Using College Rankings to Evaluate Schools

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College rankings are an important reference tool for prospective students during the higher education search process. Evaluating colleges using ranking lists and other school data can help students narrow down options into a manageable list.

When evaluating schools, you’ll want to look at the following nine key pieces of information that college rankings provide. At the bottom of each section are questions you can ask admissions counselors, current students, and graduates as you research your top choices.

  1. Accreditation
  2. Colleges and universities must meet the minimal standards set by accreditation agencies in order to be accredited. Both institutions and programs can receive accreditation. While there are many accrediting agencies, the Council for Higher Education Accreditation (CHEA), recognizes 60 accrediting organizations that are considered the industry standard. Prospective students should avoid unaccredited schools because they can make it more challenging to qualify for financial aid and to transfer credits to another institution in the future. A degree from an unaccredited school may also prevent students from getting jobs after graduation.

    Where to find this information:

    • CHEA-Recognized Accrediting Organizations
    • U.S. Department of Education Database of Accredited Postsecondary Institutions and Programs

    Questions to ask:

    • Is this school/program accredited?
    • Which agencies have awarded accreditation to this school/program?

  3. SAT or ACT Scores
  4. Colleges and universities accept a wide range of SAT and ACT scores. More selective schools will expect applicants to have higher scores. The national averages for SAT and ACT scores are 1500 and 20-21 respectively. If your scores are high enough, you may be able to apply for merit-based financial aid.

    Where to find this information: Most schools publish admissions data from prior years online. You can also call the institution directly and speak with an enrollment advisor.

    See PrepScholar’s list: Colleges with the Highest SAT Scores in the Rankings section below.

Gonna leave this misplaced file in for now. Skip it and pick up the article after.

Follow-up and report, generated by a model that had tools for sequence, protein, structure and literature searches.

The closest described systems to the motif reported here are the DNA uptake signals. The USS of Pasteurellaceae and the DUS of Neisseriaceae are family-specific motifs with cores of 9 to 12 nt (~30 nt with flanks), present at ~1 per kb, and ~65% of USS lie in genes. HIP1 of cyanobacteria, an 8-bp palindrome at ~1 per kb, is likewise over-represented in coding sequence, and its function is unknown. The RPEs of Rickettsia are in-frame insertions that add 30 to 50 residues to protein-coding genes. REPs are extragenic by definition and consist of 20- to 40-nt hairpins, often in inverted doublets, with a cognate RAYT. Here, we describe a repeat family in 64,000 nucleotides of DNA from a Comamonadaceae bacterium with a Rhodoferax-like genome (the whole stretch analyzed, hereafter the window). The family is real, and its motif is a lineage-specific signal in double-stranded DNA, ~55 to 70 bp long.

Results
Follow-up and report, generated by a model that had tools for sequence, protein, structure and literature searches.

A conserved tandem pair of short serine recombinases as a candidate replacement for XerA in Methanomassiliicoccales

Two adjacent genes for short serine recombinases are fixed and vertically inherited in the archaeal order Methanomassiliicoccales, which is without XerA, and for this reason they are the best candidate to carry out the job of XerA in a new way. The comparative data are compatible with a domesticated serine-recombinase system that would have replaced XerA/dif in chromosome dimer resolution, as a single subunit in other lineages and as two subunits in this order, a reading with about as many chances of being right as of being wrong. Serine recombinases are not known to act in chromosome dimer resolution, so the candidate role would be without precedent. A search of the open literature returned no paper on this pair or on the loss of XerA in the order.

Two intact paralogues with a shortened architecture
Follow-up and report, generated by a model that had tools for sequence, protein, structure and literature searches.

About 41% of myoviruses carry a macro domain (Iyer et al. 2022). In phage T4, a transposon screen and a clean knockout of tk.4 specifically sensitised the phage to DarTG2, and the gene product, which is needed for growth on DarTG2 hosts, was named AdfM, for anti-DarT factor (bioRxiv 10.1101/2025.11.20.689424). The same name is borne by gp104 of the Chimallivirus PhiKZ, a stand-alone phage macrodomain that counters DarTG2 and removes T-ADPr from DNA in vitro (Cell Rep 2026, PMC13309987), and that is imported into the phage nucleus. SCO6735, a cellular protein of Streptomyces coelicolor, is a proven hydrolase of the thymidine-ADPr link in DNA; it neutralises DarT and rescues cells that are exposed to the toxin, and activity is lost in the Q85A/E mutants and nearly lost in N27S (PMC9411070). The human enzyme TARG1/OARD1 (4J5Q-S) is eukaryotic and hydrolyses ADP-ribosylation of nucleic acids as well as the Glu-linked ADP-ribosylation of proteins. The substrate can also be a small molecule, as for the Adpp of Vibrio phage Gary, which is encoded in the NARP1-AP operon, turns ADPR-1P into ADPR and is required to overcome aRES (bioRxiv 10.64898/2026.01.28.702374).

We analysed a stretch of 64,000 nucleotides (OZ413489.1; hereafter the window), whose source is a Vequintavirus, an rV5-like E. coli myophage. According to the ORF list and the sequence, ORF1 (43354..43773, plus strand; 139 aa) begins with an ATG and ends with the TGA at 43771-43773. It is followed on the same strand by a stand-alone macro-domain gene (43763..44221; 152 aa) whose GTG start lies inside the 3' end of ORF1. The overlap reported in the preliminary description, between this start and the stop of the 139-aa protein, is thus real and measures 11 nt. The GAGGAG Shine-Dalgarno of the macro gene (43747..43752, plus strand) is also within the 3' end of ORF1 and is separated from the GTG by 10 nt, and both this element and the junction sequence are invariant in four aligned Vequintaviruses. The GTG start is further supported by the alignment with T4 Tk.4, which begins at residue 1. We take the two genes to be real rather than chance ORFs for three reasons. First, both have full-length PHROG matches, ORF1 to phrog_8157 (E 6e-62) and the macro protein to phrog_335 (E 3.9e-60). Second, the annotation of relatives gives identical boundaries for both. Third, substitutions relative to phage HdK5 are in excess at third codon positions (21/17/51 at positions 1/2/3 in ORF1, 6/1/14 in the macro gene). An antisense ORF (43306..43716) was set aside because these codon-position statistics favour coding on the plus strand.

Questions to ask:

    • What are the average SAT and ACT scores of the incoming freshman class?
    • How heavily are SAT and ACT scores weighed in the admissions process?

  5. Cost
  6. The cost of attendance is a major consideration for college students and because of this, there are many college ranking lists that contain this data. Compare tuition to the average in-state and out-of-state tuition costs to find the best value. If you will be taking out student loans, you can determine how long it will take you to repay them based on tuition estimates.

    Where to find this information: Check school websites for tuition estimates. Many colleges provide online net price calculators so you can estimate housing, meal plans, books, transportation, and personal expenses. Also, visit the National Center for Education Statistics (NCES) website College Navigator, which allows you to conduct a search for financial data.

    Questions to ask:

    • How much is tuition?
    • What are the estimated costs of other expenses (books, transportation, and personal expenses)?
    • Are students required to live on-campus and what is the cost?

  7. Financial Aid Packages
  8. College rankings place schools in order by the amount of financial aid offered. Find out as much as possible on how the schools you are interested in attending distribute financial aid, so you can get an idea of how much help is available.

    Where to find this information: Contact each college or university’s financial aid office or visit the financial aid section of the school’s website. Studentaid.ed.gov is a website from the U.S. Department of Education that allows you to estimate costs and aid, search for scholarships, and transfer information from your application for federal aid (FAFSA).

    See CollegeAtlas.org’s Colleges Providing the Most Merit Aid in the Rankings section below.